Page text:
John Nash was one of the 20th Century's greatest thinkers in mathematics. During his life, which ended abruptly in 2015, the Princeton University mathematician made groundbreaking contributions to game theory, differential geometry, and the study of partial differential equations.
Beyond the numbers, Nash demonstrated tremendous tenacity and fearlessness that got him through his long and nearly fatal battles with paranoid schizophrenia. In 1994, after years of professional neglect from fellow academics, Nash received the Nobel Prize in economics. Then in 2001 he became the subject of an Oscar-winning film called A Beautiful Mind, which solidified Nash’s place in the national consciousness.
In 1948, a mentally sound 19-year-old Nash had just graduated with both a B.S. and M.S. in mathematics from the Carnegie Institute of Technology. Considered a prodigy in mathematics, Nash turned down Harvard to enroll in Princeton University, eventually receiving his Ph.D. there in 1950.
Unlike most of Princeton's notable alumni, however, Nash's connection to the school is decidedly complicated. And so, during the nearly 70 years that Nash was associated with the University, he was many things, to many people. These include: an ingenious doctoral student, a mad genius whose brilliant academic career had been curtailed by his struggle with schizophrenia, and finally he was a quiet, courteous elder statesman of mathematics who still came to work every day despite not receiving the recognition many felt he long deserved. In addition, from 1995, Nash held the position of senior research mathematician at Princeton until his death.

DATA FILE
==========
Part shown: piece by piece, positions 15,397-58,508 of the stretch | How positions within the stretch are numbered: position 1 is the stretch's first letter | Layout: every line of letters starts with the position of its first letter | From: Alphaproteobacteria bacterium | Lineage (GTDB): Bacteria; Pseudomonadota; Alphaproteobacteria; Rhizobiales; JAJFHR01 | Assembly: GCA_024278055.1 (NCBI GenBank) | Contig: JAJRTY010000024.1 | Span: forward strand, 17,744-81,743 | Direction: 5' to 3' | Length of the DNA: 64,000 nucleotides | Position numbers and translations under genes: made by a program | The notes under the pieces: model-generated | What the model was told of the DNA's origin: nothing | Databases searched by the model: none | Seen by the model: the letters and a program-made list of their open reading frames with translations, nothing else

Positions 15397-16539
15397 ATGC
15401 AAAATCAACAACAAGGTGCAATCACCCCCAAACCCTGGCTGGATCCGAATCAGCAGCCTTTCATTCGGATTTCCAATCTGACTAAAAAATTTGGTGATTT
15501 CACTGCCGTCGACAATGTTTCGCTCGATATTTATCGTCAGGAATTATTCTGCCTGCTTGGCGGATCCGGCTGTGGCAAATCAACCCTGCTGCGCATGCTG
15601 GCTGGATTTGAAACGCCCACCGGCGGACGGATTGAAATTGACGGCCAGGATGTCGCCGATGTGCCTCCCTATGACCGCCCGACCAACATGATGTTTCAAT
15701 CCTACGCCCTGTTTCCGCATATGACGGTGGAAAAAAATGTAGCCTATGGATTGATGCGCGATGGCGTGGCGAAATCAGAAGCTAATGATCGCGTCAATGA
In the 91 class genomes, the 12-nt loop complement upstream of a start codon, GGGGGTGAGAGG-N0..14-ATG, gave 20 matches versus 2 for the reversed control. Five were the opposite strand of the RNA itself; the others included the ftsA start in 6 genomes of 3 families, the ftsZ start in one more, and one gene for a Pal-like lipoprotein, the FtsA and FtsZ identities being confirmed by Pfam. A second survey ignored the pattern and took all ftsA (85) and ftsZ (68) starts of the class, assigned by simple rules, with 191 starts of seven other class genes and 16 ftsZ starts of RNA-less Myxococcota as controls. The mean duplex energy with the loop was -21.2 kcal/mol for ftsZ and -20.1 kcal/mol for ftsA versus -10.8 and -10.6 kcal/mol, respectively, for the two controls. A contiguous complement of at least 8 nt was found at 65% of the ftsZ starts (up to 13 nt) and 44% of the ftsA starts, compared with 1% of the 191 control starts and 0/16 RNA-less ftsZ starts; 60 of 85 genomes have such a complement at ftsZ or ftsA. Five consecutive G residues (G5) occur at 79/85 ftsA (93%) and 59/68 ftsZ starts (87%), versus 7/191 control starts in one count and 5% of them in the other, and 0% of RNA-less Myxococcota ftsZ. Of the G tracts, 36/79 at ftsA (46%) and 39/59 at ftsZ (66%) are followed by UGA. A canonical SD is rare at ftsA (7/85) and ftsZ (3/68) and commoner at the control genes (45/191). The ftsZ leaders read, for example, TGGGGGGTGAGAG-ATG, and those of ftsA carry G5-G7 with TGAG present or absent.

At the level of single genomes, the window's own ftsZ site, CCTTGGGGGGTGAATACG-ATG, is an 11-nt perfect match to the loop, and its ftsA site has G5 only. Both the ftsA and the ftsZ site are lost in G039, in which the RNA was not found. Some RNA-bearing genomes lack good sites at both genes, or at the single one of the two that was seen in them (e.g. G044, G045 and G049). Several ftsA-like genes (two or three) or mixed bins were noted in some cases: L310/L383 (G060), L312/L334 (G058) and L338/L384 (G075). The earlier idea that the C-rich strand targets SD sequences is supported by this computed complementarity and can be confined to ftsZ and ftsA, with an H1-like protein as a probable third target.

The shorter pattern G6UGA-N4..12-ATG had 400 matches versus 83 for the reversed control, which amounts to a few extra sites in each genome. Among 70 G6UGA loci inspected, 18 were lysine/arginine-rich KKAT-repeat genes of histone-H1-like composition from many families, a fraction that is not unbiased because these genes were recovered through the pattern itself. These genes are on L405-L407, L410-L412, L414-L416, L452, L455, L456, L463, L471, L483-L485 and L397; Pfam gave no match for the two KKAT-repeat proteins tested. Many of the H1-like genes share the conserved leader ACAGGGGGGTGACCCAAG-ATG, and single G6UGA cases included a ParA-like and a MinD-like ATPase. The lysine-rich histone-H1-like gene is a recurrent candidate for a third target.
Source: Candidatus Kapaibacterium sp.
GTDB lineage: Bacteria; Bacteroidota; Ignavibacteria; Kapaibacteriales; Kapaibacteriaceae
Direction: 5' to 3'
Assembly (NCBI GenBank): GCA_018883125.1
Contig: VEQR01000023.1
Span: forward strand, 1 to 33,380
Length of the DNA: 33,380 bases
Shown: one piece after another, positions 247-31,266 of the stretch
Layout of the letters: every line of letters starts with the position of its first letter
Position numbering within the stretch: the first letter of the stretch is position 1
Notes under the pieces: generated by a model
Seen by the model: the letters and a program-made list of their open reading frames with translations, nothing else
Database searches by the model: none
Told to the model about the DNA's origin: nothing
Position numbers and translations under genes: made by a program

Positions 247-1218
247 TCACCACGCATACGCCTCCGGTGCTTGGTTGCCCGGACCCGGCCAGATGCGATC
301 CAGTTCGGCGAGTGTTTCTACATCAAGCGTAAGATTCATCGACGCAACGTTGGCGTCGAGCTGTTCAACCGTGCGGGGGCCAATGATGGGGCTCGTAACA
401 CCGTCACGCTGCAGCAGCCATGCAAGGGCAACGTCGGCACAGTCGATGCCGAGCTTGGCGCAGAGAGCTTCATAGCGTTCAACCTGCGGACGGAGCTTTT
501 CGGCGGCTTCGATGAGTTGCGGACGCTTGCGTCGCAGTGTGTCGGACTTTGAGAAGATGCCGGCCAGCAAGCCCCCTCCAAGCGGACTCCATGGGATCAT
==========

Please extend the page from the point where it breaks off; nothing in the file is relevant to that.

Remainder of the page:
Speaking to Nash’s importance to the Princeton community, Princeton President Christopher Eisgruber said, “John’s remarkable achievements inspired generations of mathematicians, economists and scientists who were influenced by his brilliant, groundbreaking work in game theory, and the story of his life... moved millions… who marveled at [his] courage in the face of daunting challenges."
Ultimately, one of the more compelling aspects of Nash’s story is how during the three decades of his illness, his ideas had quietly become influential in disciplines as disparate as economics and biology, geometry and partial differential equations.
As a stabilizing force in tumultuous times, Princeton unequivocally helped Nash get back on track. This much is certain. On the other hand, the giving definitely worked both ways. To Nash's credit, the profound originality that sometimes made his life difficult can now be found haunting the chalkboards and lecture notes and textbooks used to prepare Princeton’s future graduates.